So then there's an issue of politicians are getting involved. They're allocating the credits and now you've got issues or maybe they're pressured to give certain credits to firms they back them and so forth. Also, you have to set up a market with cap and trade. We're setting up a market where people can buy and sell credits and also you've got to regulate the market and there could be issues with the market that could be manipulated. One major drawback to cap and trade is that can't be used for all types of pollutions, if you think about your's car it's easier just to say "We're just gonna have a rigid rule for emission standards for your car" we're not gonna set up some cap-and-trade market where you and your next-door neighbor are buying and selling credits from one another about how much emissions you get. It's will be too difficult, there are just too many people with too many vehicles and in terms of heating, your home things like that is harder to set think about setting up a cap-and-trade system for that.

Pro's of Carbon Tax

Now the carbon tax is easier to administer in the sense that you don't have to set up a market. So you don't have to create a market and say "Here's this market we're gonna set up the quantity and people can buy and sell" you just implement a tax. Of course, it's not easy to get a tax passed with legislation and stuff and there'll be arguments over what the tax rate should be and so forth but it's easier to administer than setting up an entire market. Also, it's going to avoid the volatility of having a market, and firms will particularly like that but also a nice thing about the carbon tax it can generate a lot of revenue. Billions of dollars in revenue can be generated that can instead be used on different programs and stuff. Not only by doing this price mechanism of the carbon tax are you getting the socially efficient quantity of carbon emissions but you're getting that money raised that you could invest in R&D for new types of technologies and for reducing emissions in the future. You could use it in early childhood education you get this money beyond just getting hopefully the socially efficient quantity of carbon produced.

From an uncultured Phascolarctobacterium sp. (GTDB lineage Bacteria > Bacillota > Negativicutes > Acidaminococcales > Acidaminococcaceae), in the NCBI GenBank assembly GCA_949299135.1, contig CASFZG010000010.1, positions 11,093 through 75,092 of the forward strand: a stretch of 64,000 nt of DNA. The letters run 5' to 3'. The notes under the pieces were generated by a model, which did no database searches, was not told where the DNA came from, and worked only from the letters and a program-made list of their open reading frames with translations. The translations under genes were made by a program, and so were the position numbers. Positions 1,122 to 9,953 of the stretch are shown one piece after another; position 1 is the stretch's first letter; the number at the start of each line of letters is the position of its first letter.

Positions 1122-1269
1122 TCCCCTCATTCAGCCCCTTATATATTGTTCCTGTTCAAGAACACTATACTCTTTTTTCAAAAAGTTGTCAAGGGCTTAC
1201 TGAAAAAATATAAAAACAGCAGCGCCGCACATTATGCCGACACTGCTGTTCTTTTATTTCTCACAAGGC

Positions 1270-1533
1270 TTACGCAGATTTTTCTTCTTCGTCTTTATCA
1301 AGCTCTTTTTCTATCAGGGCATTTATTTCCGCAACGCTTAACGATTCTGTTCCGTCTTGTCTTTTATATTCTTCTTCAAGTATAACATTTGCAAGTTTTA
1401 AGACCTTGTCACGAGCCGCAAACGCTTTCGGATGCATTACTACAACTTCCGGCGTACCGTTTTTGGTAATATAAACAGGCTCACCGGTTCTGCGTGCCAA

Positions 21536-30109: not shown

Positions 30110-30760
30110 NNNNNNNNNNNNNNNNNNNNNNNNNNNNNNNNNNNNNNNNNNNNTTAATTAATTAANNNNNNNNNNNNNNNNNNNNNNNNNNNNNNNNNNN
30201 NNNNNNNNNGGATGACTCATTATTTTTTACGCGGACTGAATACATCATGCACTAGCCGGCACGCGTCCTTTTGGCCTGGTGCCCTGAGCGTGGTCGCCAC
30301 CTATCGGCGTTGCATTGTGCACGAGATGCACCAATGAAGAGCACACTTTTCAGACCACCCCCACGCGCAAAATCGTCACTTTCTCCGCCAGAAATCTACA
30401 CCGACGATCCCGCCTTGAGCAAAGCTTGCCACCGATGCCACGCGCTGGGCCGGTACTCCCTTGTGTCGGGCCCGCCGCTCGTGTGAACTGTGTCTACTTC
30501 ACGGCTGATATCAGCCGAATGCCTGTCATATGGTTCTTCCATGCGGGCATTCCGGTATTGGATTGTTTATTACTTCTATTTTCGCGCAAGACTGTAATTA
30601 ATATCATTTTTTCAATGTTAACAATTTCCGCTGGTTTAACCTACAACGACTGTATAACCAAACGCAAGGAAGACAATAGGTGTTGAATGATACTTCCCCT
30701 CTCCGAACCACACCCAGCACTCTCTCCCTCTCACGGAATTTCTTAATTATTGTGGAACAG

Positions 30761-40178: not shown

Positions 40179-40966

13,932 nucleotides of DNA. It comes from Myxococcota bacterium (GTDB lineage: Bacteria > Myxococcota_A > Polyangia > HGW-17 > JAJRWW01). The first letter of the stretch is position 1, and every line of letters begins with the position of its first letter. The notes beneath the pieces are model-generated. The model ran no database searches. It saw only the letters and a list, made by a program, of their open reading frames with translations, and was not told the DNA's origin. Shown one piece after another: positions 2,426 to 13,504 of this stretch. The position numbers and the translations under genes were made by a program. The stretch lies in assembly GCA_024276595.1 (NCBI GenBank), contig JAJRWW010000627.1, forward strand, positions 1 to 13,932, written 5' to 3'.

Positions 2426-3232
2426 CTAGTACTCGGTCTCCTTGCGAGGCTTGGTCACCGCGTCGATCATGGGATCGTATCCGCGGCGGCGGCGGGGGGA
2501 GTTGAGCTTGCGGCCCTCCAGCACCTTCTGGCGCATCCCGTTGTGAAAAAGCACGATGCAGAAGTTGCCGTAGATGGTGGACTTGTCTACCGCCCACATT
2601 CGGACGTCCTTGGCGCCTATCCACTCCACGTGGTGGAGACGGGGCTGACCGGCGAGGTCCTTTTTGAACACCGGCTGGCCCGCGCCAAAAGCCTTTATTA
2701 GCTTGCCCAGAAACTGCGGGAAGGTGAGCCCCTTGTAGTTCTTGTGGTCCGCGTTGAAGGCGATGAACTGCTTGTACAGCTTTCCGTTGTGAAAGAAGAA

Con's of Carbon Tax

Now some drawbacks to the carbon tax and the major one are it doesn't actually cap the emissions level. We said in theory by using this as a price mechanism by adjusting the price and forcing firms to internalize the external cost of carbon emissions. It will adjust to the efficient quantity however there's no guarantee. If you didn't set the tax to the right level or did any number of things would happen and you end up with more emissions, more carbon emissions than what is socially efficient. So the cap-and-trade has the nice thing of leaders say "look I've just kind of set it at 20 million tons or whatever the amount is and then it's not going to exceed that cap" but with the carbon tax you're using this price mechanism and ideally theoretically you can get to that which is socially efficient quantity but there's no guarantee. 


Also even though it's easier to administer the tax than it is to set up an entire market for cap-and-trade and stuff there's still the issue of legislative battles of people fighting over what the tax rate should be, who should be exempt, and so forth. Really the important thing to remember is that both the carbon tax and cap-and-trade er are both trying to bring about the socially efficient quantity of emissions and in theory, they can both do that but the question of which one is better might depend on the particular context. Sulfur dioxide, for example, they actually have set up basically a cap-and-trade and that's worked pretty well but in some other cases you might say "Look it's a bit too difficult to administer cap-and-trade, we should set up a carbon tax." So the ease of administration can dictate which system would be better because ultimately they're equivalent in terms of what they're trying to achieve